Black Rep opens with August Wilson classic drama

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Courtesy of The Black Repertory Theatre

Kudos to the cast and crew for the Black Repertory Theatre of Kansas City as they end their COVID hiatus with the August Wilson blockbuster play, “Ma Rainey’s Black Bottom.”

In his pre-curtain welcome, Damron Russel Armstrong explained his excitement to back in live theatre and to be presenting another August Wilson work. Just prior to the hiatus, he presented another Wilson play, “How I Learned What I Learned.”

“Ma Rainey” centers on a recording session in a two-set stage– the studio and a basement rehearsal space. The play opens with the record producer and Ma Rainey’s agent setting the studio and sound for the contrary Blues diva and her band–including a new addition, Levee, who writes music and arrangements.

Tension begins with the first words as the producer and agent discuss difficulty with past encounters with Ma. The encounter foreshadows impending conflicts among producer, agent, Levee, and Ma. With strong performances the impending conflicts and chaos pull the viewers into the play. With the audience being so close to the action, the intimacy adds another dimension to the play.

Wilson’s dialogue snares the audience with joking, jabs, and banter among the band members in the rehearsal portion of the set. Audience laughter throughout most of the first act sets the stage for the rising tension and second act drama. What the audience does not know is what and how the fuse lights and the explosion erupts.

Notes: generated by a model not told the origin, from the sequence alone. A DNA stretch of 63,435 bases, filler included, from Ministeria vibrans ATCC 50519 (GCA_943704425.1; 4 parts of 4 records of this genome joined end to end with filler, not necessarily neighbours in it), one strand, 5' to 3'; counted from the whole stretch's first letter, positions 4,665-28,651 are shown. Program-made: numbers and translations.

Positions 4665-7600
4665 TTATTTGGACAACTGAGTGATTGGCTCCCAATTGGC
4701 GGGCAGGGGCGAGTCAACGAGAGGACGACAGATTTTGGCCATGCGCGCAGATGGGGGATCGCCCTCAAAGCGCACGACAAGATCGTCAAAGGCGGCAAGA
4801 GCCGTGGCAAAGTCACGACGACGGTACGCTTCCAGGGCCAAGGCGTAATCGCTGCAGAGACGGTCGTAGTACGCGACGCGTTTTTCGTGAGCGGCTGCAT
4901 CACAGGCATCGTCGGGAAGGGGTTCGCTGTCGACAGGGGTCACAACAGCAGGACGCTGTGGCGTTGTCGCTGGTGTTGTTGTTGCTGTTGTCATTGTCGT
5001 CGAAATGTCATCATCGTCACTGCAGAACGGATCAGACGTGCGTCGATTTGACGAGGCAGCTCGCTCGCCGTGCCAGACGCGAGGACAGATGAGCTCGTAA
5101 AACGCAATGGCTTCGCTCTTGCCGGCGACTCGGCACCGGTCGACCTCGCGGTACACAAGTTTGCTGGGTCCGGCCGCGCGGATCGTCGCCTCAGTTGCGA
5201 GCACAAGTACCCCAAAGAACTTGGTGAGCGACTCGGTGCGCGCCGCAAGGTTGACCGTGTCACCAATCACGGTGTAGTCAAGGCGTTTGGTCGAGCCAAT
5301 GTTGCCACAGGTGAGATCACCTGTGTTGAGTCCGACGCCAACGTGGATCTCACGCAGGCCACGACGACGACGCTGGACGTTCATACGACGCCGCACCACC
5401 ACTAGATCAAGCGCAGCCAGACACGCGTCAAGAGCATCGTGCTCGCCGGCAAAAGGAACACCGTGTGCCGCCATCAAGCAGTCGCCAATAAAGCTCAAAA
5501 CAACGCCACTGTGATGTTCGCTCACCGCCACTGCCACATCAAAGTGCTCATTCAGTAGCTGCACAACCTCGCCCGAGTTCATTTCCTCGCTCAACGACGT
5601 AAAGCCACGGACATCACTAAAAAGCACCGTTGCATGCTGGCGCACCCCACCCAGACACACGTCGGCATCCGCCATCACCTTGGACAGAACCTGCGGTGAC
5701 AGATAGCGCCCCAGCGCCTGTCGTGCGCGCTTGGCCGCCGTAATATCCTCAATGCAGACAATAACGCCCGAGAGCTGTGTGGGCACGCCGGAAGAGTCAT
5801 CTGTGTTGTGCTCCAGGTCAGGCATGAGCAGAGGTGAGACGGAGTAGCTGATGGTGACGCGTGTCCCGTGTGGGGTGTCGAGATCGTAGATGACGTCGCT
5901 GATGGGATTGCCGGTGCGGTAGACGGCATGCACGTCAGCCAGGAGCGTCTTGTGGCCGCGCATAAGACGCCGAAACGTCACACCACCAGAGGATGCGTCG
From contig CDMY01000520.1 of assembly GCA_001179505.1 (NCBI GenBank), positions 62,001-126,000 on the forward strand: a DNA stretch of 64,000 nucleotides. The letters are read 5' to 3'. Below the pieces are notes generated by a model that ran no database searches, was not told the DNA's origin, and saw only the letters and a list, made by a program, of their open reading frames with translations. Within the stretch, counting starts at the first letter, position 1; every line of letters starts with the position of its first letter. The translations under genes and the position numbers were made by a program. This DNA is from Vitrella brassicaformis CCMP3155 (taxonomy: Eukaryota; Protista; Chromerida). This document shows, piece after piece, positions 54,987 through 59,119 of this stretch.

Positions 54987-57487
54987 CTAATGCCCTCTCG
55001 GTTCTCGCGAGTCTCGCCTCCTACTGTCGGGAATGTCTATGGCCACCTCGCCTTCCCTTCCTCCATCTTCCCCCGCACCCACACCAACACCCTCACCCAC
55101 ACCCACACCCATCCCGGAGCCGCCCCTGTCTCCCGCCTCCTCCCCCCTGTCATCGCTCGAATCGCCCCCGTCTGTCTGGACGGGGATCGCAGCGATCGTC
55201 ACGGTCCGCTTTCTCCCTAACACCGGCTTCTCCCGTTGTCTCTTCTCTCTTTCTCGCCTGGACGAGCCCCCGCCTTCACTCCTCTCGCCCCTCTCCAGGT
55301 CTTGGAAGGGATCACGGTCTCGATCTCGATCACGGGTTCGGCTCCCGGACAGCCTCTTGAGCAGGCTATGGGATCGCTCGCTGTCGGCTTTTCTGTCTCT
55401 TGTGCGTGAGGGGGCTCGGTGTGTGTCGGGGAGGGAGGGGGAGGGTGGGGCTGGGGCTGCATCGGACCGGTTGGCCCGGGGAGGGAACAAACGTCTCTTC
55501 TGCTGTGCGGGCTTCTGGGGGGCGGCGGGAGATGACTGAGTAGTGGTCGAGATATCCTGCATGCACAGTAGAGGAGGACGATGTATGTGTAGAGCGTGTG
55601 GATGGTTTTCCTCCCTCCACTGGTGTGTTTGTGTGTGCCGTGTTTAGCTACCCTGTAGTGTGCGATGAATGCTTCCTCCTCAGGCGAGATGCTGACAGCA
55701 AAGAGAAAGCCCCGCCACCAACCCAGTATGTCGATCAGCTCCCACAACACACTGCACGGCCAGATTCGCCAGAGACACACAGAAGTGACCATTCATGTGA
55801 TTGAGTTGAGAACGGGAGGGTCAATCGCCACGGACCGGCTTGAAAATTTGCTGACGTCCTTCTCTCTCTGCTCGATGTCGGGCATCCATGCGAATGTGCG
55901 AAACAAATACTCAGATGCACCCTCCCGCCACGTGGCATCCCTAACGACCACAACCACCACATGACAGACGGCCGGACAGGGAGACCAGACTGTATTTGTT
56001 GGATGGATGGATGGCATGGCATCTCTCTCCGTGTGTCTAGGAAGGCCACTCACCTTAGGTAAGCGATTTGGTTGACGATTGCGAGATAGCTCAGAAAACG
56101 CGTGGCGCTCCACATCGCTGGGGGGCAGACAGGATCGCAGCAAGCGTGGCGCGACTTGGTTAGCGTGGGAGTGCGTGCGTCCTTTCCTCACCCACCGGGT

Like other August Wilson plays, the focus and heart develop through the relationships of the characters. Talented actors when given such rich words create memorable characters. In this case, “Ma Rainey” gives most characters a wide brush to color their performances.

“Ma Rainey’s Black Bottom” comes to life with a stunning cast who make each character believable. Even the small parts come with opportunities to shine. Such care by the playwright to conjur realistic characters ensures that actors have opportunities to stand out. The cast and director did a beautiful job with this piece.

According to director Armstrong, the stunning costumes for Ma Rainey and Dussie Mae are to the credit of Eboni Fondren and April Madden. Cast member Brad Shaw costumed the men. The costumes gave added depth to the production

For “Ma Rainey,” The Black Rep. produced their current offering at the home of Metropolitan Ensemble Theatre in The Warwick Theatre at 40th and Main Street, Kansas City, MO. A fresh layer of blacktop and paint replaced the former parking area just to the north and in back of the theatre. Because of construction work on Main, normal, street-parking is not available.

As a result of COVID, the MET and the Black Rep adhere to current regulations for patron safety. Proof of vaccination and a separate means of identification are required to enter The Warwick. Once inside, masks and social distancing are required to keep patrons safe. Masks are to be worn throughout the production.

Eboni Fondren as Ma Rainey commands the stage with each entrance and holds the audience throughout her scenes. As the Mother of the Blues, her vocal offerings stand out in Act II. Fondren’s sultry alto range is as smooth and tantalizing as home-made chocolate pudding. She possesses a voice that sounds like the outstanding Blues singers of the past. Move over Bessie Smith and Lady Day. Ma Rainey competes with you via Eboni Fondren’s velvety-rich voice. Wow!